Martin Cock is no sentimentalist. A body mural of tattoos, a face full of piercings, and a steadfastly indifferent grin all lend the American Head Charge frontman a cultivated air of hard-rock cool. Yet last July, he hushed a near-sellout crowd at First Avenue so that he could speak quietly and from the heart. "We're savoring the moment," he said, without irony. "To all of you who have respected us, we return that respect. Thanks for coming to all our shows."
As I remember it, the "moment" went something like this: Band announces pending record deal with legendary Beastie Boys producer Rick Rubin--the Big Break. Crowd proceeds to reenact the climax of Braveheart on the dance floor--Big Funk. Crowd chants "Head! Charge! Head! Charge!" as all seven members kneel on glittering glass fragments left by smashed television sets, bowing respectfully before the scariest pit in recent memory. The Big Finish!
Nearly one year later, the piece of broken glass that lodged in Cock's leg has "grown in." But the Minneapolis band's drawn-out moment shows no sign of dissipating. It's a sunny May afternoon, and the man whom we can only hope the New York Times will one day call Mr. Cock pushes open the steel door of a meat locker-like practice space to let in some air. Head Charge have rented space in this warehouse building for almost all of the four years since Cock founded the group with bassist Chad Hanks. Inside, band members set up to practice as a baby doll on a noose dangles from the ceiling--a knick-knack they recently brought with them to Rick Rubin's Hollywood Hills mansion, perhaps in order to feel more at home while living and recording there for eight months.
Head Charge have just put the finishing touches on their Rubin debut, The War of Art, due out July 17. They're now tightening up for the national tour of their wildest dreams: a slot on Ozzfest 2001, which will bring the titular bat-biter and other metal heavies to nearby Somerset, Wisconsin, on Saturday.
Both Hanks and Cock live in L.A., and look L.A. (The other five members have returned to live in the Cities.) Both have a thick build and a long shock of chin hair--though Hanks has a shaved head and Cock keeps a Danzig mane. Both are cautiously optimistic about their chances for wider recognition. Only a couple of years ago, their band was little more than a rumor outside the valiantly unhip Twin Cities heavy rock scene. Local critics said Head Charge sounded like Helmet or Anthrax with too many samplers--i.e., like a lot of bands critics hate, from Static-X and Papa Roach to all the bastard sons of Johnny Lydon who use screamed vocals as Birmingham cops once used firehoses.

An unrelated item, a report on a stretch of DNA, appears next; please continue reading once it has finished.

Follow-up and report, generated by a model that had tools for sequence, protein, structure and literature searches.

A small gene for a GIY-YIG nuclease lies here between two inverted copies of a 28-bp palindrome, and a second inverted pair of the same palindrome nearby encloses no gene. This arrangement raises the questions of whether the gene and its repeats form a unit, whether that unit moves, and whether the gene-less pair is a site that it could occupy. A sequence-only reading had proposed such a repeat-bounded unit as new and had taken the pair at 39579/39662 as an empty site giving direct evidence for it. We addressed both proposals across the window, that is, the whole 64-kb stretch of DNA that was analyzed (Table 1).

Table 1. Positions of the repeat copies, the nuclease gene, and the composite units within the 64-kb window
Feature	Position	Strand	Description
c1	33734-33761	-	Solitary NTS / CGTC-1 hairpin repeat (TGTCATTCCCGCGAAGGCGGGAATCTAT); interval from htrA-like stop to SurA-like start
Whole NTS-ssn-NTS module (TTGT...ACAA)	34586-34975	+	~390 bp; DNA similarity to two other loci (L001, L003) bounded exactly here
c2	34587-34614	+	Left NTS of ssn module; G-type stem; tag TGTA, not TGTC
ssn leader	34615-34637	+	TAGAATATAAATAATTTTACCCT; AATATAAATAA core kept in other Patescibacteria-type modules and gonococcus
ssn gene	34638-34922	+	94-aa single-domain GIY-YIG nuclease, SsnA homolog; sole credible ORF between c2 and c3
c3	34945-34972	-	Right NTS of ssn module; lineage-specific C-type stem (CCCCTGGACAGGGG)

Head Charge knew how to pummel, but their electronica-drenched scream-hop evoked something sorely missing in local rock: fear. The title of their self-released 1999 debut, Trepanation, is defined by Webster's as "the act or process of perforating a skull with a surgical instrument"--which might also serve as a concise review of their music. But the word also reads as a cross between "nation" and "trepidation," recalling the depressed patriot's dread in Jimi Hendrix's "The Star Spangled Banner." (The band uses the upside-down American flag--longtime symbol for one nation, under stress--as its trademark.)
The busy new thrash-rave number "Americunt Evolving into Useless Psychic Garbage" captures similar foreboding--never mind the over-the-top title. Perhaps overloading is both a weakness and a strength for American Head Charge: The War of Art is pumped full of enough noisy synth squeals to make Public Enemy sound like Kajagoogoo. All the guys need to reproduce this impressively groovy roar in your local high school auditorium is power--and lots of it. The musicians now include two synthesizer players--and enough sonic effects to cause a rolling blackout around whatever unfortunate house party they play. "Every place we'd go to, we'd be like, 'Are you sure you have enough power?'" laughs Cock as he sets up a mic. "They're like, 'Oh, yeah, I got it in a socket in the kitchen--it's all good.'" (In the first hour of rehearsal, the room goes dark three times.)
Hanks has his own scar to show off: a burn he received from electrocuting himself onstage at the Red Sea. But crossed wires might come with the territory. "I spend a lot of time routing everything into everything else," says keyboardist and technician Aaron Zilch, briefly looking up from his computer as other members file into the space to tune their instruments. His head is shaven clean save for six tiny braids colored Mister Yuck-green.
The other synth player, Justin Fowler, a.k.a. Control, has a sort of Two Face look--half clean-shaven skinhead, half muttonchopped redhead. When I ask him to define the Head Charge sound, he starts going on about "pushing the 18s" (18-inch speakers) and using cabinets that have "sack."
"Is 'sack' a sound term?" I ask, missing the scrotal reference.
Fowler laughs and assumes a Spinal Tap accent: "Yes, could you please turn up the sack a bit?"